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The Washington PostDemocracy Dies in Darkness

Florida wants gay tourists. A bill restricting LGBTQ topics in schools sends the wrong message, critics say.

LGBTQ-friendly destinations hope the policy will not discourage visitors

(iStock/Washington Post illustration)
7 min

The photo shows two smiling women leaning their faces toward each other. The words promise “sunshine for all,” from couples to modern families.

“There’s a sense of freedom to Florida’s beaches, the warm weather and the myriad activities – a draw for people of all orientations, but especially appealing to a gay community looking for a sense of belonging and acceptance,” says the Visit Florida page promoting top gay beaches, a Pride Guide and LGBTQ-friendly destinations.

The state’s official tourism marketing arm says “gay” a lot in its promotional materials. But Florida is now in the spotlight for legislation that critics have dubbed the “don’t say gay” bill that was passed this week by the state Senate but has not yet been signed into law by Gov. Ron DeSantis (R).

Officially called the Parental Rights in Education bill, the legislation prohibits classroom instruction on sexual orientation or gender identity between kindergarten and third grade, “or in a manner that is not age appropriate or developmentally appropriate for students.” Opponents have said the proposed law could harm LGBTQ kids, or children whose parents are gay; President Biden called it “hateful.” The bill has prompted protests at schools, the state Capitol and outside Disney World; outcry from activists; and responses from celebrities on social media.

Florida legislature passes bill to restrict LGBTQ topics in elementary schools

For those who have worked for years to bring LGBTQ travelers to the state, the message is the opposite of the welcoming, inclusive environment they have tried to foster. They’re hopeful that the angry response to the bill won’t keep visitors from supporting those gay-welcoming bed-and-breakfasts, bars, restaurants, and cultural institutions.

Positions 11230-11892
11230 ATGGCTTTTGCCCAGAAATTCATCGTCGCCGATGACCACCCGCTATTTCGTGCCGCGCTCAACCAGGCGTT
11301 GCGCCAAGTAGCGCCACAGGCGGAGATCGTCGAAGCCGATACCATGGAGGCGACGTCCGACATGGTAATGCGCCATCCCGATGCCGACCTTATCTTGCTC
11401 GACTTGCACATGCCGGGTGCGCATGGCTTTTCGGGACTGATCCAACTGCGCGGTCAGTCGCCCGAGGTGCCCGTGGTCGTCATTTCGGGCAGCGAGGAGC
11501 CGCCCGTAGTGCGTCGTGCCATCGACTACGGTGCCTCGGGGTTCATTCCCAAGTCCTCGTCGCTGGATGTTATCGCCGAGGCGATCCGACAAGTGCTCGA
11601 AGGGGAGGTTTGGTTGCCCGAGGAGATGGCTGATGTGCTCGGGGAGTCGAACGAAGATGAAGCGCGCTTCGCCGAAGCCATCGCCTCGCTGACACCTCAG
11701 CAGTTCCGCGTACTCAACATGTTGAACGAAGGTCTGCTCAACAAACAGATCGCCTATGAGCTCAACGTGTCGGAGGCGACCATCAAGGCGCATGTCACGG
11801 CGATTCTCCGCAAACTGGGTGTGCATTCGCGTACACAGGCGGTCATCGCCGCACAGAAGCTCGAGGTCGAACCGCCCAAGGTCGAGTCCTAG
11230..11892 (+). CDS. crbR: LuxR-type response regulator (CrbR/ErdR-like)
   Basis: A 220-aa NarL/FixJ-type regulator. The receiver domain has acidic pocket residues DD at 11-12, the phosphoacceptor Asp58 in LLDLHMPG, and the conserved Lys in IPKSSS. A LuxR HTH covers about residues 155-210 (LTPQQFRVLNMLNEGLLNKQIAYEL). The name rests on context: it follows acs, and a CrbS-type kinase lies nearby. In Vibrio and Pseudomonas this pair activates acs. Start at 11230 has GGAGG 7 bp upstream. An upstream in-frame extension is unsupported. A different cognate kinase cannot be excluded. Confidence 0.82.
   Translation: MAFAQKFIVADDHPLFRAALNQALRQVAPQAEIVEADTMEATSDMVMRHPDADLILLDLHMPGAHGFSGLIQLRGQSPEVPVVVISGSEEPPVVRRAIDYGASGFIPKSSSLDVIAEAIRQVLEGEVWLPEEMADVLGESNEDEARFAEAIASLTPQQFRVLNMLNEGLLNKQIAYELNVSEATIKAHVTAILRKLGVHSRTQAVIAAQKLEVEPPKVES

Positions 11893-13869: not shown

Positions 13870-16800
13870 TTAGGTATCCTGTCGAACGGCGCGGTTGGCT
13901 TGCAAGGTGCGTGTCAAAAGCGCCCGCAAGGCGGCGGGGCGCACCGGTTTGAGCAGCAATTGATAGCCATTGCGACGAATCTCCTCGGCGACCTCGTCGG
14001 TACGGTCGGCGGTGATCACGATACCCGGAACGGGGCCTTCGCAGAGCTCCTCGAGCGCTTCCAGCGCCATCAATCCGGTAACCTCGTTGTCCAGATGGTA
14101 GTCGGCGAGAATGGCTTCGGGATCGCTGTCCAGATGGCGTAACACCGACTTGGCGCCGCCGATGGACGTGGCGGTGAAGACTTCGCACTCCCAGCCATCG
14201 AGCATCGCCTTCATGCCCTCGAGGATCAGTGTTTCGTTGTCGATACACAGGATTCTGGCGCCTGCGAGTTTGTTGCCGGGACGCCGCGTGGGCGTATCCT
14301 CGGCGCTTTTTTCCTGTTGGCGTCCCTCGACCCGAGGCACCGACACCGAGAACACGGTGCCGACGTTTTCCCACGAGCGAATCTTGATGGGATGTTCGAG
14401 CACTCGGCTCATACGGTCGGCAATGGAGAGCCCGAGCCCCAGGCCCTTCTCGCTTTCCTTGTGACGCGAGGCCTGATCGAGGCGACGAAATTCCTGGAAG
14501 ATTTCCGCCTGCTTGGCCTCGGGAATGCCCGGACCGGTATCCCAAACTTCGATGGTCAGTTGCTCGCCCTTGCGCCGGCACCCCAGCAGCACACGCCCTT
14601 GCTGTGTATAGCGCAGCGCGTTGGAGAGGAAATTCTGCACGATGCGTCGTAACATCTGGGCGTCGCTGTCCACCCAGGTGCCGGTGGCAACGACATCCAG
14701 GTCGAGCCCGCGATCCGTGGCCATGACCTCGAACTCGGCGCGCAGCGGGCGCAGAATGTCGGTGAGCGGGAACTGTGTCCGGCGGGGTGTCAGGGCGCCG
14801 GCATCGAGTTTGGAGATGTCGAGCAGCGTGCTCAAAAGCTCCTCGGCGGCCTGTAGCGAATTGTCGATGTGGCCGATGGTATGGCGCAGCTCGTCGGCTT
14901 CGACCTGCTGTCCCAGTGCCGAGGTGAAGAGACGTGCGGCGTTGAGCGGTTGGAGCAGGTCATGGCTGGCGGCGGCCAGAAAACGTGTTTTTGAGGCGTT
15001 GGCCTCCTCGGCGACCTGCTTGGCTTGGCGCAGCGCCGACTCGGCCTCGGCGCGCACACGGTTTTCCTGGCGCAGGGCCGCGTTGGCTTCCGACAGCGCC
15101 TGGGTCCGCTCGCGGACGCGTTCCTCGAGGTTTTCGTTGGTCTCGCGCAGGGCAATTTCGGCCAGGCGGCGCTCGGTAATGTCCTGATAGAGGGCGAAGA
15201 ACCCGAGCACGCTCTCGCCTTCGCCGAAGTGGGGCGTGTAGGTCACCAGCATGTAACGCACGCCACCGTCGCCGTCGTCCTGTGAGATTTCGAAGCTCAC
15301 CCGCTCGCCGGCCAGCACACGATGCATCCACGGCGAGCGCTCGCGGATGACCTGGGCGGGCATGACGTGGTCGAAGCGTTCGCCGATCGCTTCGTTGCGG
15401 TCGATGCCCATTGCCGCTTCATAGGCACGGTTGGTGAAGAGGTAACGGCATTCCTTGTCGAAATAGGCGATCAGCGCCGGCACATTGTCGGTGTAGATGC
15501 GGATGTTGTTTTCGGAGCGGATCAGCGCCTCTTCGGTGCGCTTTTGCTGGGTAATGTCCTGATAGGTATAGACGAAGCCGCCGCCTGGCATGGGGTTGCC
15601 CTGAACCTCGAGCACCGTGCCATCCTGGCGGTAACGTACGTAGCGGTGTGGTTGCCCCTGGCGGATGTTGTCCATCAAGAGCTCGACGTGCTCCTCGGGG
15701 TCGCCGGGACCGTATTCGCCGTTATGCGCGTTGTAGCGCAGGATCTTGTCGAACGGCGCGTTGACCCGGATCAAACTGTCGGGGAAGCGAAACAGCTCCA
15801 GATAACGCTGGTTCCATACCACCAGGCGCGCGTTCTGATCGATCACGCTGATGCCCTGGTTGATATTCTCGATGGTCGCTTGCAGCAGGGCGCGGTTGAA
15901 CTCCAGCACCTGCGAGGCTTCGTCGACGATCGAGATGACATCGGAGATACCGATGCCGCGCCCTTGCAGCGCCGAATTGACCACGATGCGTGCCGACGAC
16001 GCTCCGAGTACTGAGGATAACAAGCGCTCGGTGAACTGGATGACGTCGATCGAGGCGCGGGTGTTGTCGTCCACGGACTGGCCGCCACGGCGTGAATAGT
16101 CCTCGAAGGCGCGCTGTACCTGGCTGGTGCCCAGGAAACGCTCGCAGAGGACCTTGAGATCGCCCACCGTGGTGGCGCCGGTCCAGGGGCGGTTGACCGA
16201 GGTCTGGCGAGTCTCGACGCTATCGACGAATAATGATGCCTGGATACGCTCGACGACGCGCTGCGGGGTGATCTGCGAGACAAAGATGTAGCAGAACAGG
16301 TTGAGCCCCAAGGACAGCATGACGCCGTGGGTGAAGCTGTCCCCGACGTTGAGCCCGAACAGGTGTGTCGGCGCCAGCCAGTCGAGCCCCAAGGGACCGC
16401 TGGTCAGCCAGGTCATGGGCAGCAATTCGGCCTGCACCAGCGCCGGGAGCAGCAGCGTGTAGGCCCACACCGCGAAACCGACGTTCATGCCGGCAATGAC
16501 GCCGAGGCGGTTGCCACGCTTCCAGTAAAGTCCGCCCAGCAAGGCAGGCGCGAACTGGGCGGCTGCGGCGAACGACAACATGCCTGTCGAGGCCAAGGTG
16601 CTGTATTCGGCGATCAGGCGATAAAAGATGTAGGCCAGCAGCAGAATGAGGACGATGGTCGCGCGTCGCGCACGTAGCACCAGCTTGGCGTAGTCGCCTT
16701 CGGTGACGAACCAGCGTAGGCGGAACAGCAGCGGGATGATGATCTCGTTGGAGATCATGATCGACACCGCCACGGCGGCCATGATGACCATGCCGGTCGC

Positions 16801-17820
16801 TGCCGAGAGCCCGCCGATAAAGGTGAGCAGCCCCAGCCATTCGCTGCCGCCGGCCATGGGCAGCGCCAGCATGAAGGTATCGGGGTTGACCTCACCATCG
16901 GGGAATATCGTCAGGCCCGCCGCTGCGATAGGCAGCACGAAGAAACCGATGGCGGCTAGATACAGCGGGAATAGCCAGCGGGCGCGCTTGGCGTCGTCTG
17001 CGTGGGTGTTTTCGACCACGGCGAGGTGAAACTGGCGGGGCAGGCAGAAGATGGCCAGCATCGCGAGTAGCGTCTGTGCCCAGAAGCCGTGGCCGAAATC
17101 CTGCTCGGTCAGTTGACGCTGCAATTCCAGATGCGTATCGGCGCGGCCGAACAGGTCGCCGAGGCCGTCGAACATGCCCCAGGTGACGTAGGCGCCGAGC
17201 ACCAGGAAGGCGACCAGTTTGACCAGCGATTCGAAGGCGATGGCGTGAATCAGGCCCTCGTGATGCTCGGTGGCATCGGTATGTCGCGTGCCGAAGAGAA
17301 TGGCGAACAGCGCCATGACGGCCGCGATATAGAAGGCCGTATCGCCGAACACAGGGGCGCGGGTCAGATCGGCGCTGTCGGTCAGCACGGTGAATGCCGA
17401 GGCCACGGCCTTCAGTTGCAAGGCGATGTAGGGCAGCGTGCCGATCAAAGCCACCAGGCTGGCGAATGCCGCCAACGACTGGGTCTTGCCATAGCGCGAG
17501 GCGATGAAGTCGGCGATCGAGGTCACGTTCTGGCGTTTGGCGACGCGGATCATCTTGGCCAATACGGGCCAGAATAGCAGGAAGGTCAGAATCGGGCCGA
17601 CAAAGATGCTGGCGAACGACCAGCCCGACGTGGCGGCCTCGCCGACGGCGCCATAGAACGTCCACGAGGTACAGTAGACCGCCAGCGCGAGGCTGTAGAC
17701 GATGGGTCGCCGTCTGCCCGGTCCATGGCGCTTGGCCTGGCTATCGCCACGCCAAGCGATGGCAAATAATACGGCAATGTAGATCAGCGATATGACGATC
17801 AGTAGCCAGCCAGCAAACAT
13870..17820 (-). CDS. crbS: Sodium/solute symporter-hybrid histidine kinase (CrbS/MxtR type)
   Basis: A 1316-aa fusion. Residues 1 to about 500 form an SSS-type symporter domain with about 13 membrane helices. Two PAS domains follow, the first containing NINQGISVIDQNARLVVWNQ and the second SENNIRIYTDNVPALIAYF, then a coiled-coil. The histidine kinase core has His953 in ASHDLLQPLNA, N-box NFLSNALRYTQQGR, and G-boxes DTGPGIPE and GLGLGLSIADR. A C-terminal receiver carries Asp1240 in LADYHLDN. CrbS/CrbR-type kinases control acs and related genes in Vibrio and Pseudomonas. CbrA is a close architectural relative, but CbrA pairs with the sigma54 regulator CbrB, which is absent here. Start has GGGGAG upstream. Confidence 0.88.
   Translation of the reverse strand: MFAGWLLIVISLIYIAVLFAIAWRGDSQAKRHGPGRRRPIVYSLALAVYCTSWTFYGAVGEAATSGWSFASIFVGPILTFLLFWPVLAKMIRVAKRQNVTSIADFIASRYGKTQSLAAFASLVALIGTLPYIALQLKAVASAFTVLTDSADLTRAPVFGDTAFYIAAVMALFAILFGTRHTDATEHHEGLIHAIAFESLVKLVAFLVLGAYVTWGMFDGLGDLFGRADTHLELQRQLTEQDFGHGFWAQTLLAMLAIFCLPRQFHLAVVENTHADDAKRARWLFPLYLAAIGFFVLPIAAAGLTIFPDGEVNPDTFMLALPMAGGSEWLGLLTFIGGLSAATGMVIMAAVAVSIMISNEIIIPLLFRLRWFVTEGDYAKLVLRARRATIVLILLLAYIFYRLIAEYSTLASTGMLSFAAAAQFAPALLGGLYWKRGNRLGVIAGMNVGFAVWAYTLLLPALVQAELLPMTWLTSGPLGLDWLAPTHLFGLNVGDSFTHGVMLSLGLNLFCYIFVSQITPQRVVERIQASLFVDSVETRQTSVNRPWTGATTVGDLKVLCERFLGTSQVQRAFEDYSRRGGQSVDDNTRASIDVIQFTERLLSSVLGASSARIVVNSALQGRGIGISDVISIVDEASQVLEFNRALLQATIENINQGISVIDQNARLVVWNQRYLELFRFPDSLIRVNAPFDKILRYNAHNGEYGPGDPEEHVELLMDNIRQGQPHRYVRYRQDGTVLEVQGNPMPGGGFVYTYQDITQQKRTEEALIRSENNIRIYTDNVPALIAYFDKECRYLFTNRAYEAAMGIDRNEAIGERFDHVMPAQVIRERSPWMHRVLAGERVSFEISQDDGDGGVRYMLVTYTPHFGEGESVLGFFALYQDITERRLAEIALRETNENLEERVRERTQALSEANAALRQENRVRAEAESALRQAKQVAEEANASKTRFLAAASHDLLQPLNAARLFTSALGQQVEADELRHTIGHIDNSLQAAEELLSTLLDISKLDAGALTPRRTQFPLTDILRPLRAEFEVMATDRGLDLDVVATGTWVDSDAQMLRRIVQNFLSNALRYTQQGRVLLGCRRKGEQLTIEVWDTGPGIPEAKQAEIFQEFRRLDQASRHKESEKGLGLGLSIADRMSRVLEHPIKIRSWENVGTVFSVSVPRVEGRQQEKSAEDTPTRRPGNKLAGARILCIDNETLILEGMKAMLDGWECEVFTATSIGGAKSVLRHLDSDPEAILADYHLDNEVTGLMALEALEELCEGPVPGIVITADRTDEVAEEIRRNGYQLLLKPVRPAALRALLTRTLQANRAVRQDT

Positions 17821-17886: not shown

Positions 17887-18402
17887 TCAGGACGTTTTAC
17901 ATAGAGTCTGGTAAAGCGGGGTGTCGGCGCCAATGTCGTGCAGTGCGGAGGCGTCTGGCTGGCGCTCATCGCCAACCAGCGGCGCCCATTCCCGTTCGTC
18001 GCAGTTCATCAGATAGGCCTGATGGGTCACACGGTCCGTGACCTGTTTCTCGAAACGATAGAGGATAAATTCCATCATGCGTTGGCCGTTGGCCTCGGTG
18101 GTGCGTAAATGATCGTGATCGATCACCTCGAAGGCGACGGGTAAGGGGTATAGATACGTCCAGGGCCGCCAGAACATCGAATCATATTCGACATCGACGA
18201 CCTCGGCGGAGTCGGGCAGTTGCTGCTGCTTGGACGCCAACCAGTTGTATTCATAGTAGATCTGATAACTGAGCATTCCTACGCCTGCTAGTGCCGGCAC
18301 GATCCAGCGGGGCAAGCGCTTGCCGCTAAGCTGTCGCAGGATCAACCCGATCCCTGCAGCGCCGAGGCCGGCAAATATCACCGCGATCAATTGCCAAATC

Visit Florida declined to comment on the bill and its potential impact on tourism. But the organization’s president and CEO, Dana Young, stressed the group’s focus on diversity and inclusivity and said LGBTQ travelers had “long been an integral component of our marketing efforts.” Visit Florida said market research shows that 3.4 percent of the 117.2 million domestic visitors to the state in 2019 — or nearly 4 million people — identified as lesbian, gay, bisexual or another orientation that was not heterosexual. Those visitors represented billions of dollars in spending.

“We like to say at VISIT FLORIDA that Florida’s sunshine is for everyone — no matter where you are from, what you believe, whom you love, or what your abilities,” she said in a statement. “We want all travelers within the LGBTQ community to know that Florida is a place for everyone. We pride ourselves on welcoming every visitor with the same hospitality and friendliness.”

DeSantis’s press secretary, Christina Pushaw, said in an email Thursday that the governor had not yet received the bill, which she noted does not set apart any sexual orientation or group. She said she assumes anyone who might avoid Florida because of the bill has not read it but has been misled by what she called “appalling media bias.”

“But if anyone actually boycotts Florida because they’re upset about the lack of sex and gender theory instruction in our kindergarten through 3rd grade classrooms, I’m confident that our state is better off without them,” she wrote.

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Visit Lauderdale, the tourism bureau that includes gay favorites Fort Lauderdale and Wilton Manors, has been doing “serious, committed outreach” to the community since 1996, President and CEO Stacy Ritter said in an interview. She said she hopes travelers won’t hold lawmakers’ actions against the destination.

“We’re hoping that people can separate the hateful things that are going on in Tallahassee from the really progressive things we’re doing here,” she said.